// Kotlin
val prop = Properties()
FileInputStream("").use {
// FileInputStream automatically closed

Because Kotlin’s version is just a regular function, it’s actually much more composable than Java’s. For example, did you want to return this prop object after loading it?

// Kotlin
fun readProperties() = Properties().apply {
    FileInputStream("").use { fis ->

The apply() call tells us that the type of this expression is that of the object apply() is invoked on, which is Properties. Inside this block, this is now of type Properties, which allows us to call load() on it directly. In between, we create a FileInputStream that we use to populate this property object. And once we call use() on it, that FileInputStream will be automatically closed before this function returns, saving us from the ugly try/catch/finally combo that Java requires.

You will find a lot of these constructs in the Kobalt build tool code, feel free to browse it.

Anko for Android

I’m really excited to see JetBrains continue to invest in Android. Not long ago, they release Anko, a library that uses Kotlin’s DSL functionalities to offer a different way to define your layouts than XML:

verticalLayout {
    val name = editText()
    button("Say Hello") {
        onClick { toast("Hello, ${name.text}!") }

To be honest, I’m still a bit skeptical of the value that such a DSL provides for layout definitions (the XML file based layout that Android supports is extremely flexible to manage layouts for different displays) but JetBrains just released a new version of Anko and the direction this library is taking is now becoming much more interesting to me.

With the latest additions, Anko is widening its scope beyond layout definition and adding a set of helper functions that make Android development on Kotlin even cleaner and more concise. The combination of extension functions and the DSL notation really shine for Android development. Here are a few examples:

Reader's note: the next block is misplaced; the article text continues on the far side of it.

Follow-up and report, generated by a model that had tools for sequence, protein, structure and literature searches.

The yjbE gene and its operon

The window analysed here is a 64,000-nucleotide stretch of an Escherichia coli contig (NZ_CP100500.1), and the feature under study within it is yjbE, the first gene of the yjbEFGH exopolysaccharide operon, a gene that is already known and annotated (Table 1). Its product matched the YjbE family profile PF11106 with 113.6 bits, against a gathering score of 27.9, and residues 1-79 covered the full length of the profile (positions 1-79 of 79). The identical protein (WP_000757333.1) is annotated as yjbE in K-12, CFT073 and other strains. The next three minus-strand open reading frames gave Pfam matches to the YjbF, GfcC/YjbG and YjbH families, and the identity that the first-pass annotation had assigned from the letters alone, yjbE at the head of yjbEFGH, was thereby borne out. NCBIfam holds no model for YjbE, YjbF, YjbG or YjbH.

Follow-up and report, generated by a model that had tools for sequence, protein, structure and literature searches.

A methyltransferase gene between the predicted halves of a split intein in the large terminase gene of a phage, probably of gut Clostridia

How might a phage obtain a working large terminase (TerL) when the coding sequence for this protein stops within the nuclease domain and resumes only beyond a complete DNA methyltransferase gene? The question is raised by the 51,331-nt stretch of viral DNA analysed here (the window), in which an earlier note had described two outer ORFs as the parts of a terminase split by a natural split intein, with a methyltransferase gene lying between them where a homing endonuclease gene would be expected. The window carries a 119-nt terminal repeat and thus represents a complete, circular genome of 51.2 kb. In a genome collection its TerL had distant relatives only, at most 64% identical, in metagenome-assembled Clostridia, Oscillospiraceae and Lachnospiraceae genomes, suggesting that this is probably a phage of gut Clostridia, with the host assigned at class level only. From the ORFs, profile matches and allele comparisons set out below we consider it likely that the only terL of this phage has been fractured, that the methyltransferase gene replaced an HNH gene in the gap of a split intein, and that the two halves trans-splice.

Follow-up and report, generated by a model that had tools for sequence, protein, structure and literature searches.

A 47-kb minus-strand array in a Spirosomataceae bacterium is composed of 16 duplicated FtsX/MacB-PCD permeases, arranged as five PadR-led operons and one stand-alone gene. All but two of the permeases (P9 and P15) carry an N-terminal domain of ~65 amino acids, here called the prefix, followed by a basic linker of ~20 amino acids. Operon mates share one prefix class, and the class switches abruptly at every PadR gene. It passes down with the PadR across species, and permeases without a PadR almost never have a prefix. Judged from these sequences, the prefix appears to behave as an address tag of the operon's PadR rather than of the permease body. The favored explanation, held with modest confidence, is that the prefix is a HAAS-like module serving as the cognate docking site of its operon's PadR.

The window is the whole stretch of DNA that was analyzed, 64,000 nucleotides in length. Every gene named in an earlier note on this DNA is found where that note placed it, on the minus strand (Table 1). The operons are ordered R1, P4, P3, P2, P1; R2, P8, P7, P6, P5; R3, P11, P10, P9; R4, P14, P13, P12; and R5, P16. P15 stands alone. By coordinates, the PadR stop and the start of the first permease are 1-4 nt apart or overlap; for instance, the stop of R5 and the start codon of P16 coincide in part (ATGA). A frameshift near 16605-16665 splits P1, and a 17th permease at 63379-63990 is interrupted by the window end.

val flowers = listOf("Chrysanthemum", "Rose", "Hyacinth")
selector("What is your favorite flower?", flowers) { i ->
    toast("So your favorite flower is ${flowers[i]}, right?")

Doing away with the pesky TAG requirement for logging:

class SomeActivity : Activity(), AnkoLogger {
    fun someMethod() {
        info("Info message")
        debug(42) // .toString() method will be called automatically

Check out the announcement for more snippets, or head directly to Anko’s project page.

Android, Rx and Kotlin: part 3

This is part three of my Rx – Android – Kotlin series (part 1, part 2).

This article has three parts, much like a magic trick:

  • The Pledge: we will implement a simple GUI operation with Rx and Kotlin on Android.
  • The Turn: we will create a brand new Rx operator.
  • The Prestige: we will use a standard feature of Kotlin for a final coup de grâce in code elegance.

Let’s get started.

The Pledge

We want to detect triple taps. There are various ways to define what a triple tap is so let’s just settle on a simple one: three taps are considered a triple tap if the first and last tap are separated by less than five hundred milliseconds.

With a traditional (non Rx) implementation, you would probably have two fields maintaining the timestamps of two taps ago [t-2] and that from one tap ago [t-1]. When a new tap arrives, [t], you compare the timestamp of [t] and [t-2] and if it’s less than five hundred milliseconds, we have a triple tap. Then you shift down the timestamps: [t-2] receives [t-1] and [t-1] receives the current timestamp. Repeat.

This approach is pretty standard but it’s also ugly: it bleeds state into your class and it allows for little flexibility in terms of filtering, transforming and composing.

Let’s look at this problem from an Rx perspective.

The Turn

As I explained in the first article of this series, we need to change our perspective to find out how to implement this with Rx. We are now looking for emitters and consumers of events.

The emitter is pretty obvious: it’s a tap. On Android, we can just create an Observable from a View with the convenient RxAndroid project. Once we receive the tap events from the view, we need to use an operator which will pass them in sets of threes. This is sometimes referred to as a “sliding window”. For example, if you have an Observable that emits the numbers from 0 to 5, you would expect a sliding window of size 3 to receive the following parameters:

[0, 1, 2]
[1, 2, 3]
[2, 3, 4]
[3, 4, 5]

Any list that is not of size three is ignored. Then, whenever our operator is notified, we simply extract the timestamps of the first and last index of that list and we see if the difference is less than five hundred milliseconds.

For the sake of learning, we’ll assume that such an operator doesn’t already exist and we’ll implement it ourselves (as it turns out, this is not true, jump to the bottom of this article if you want to find out).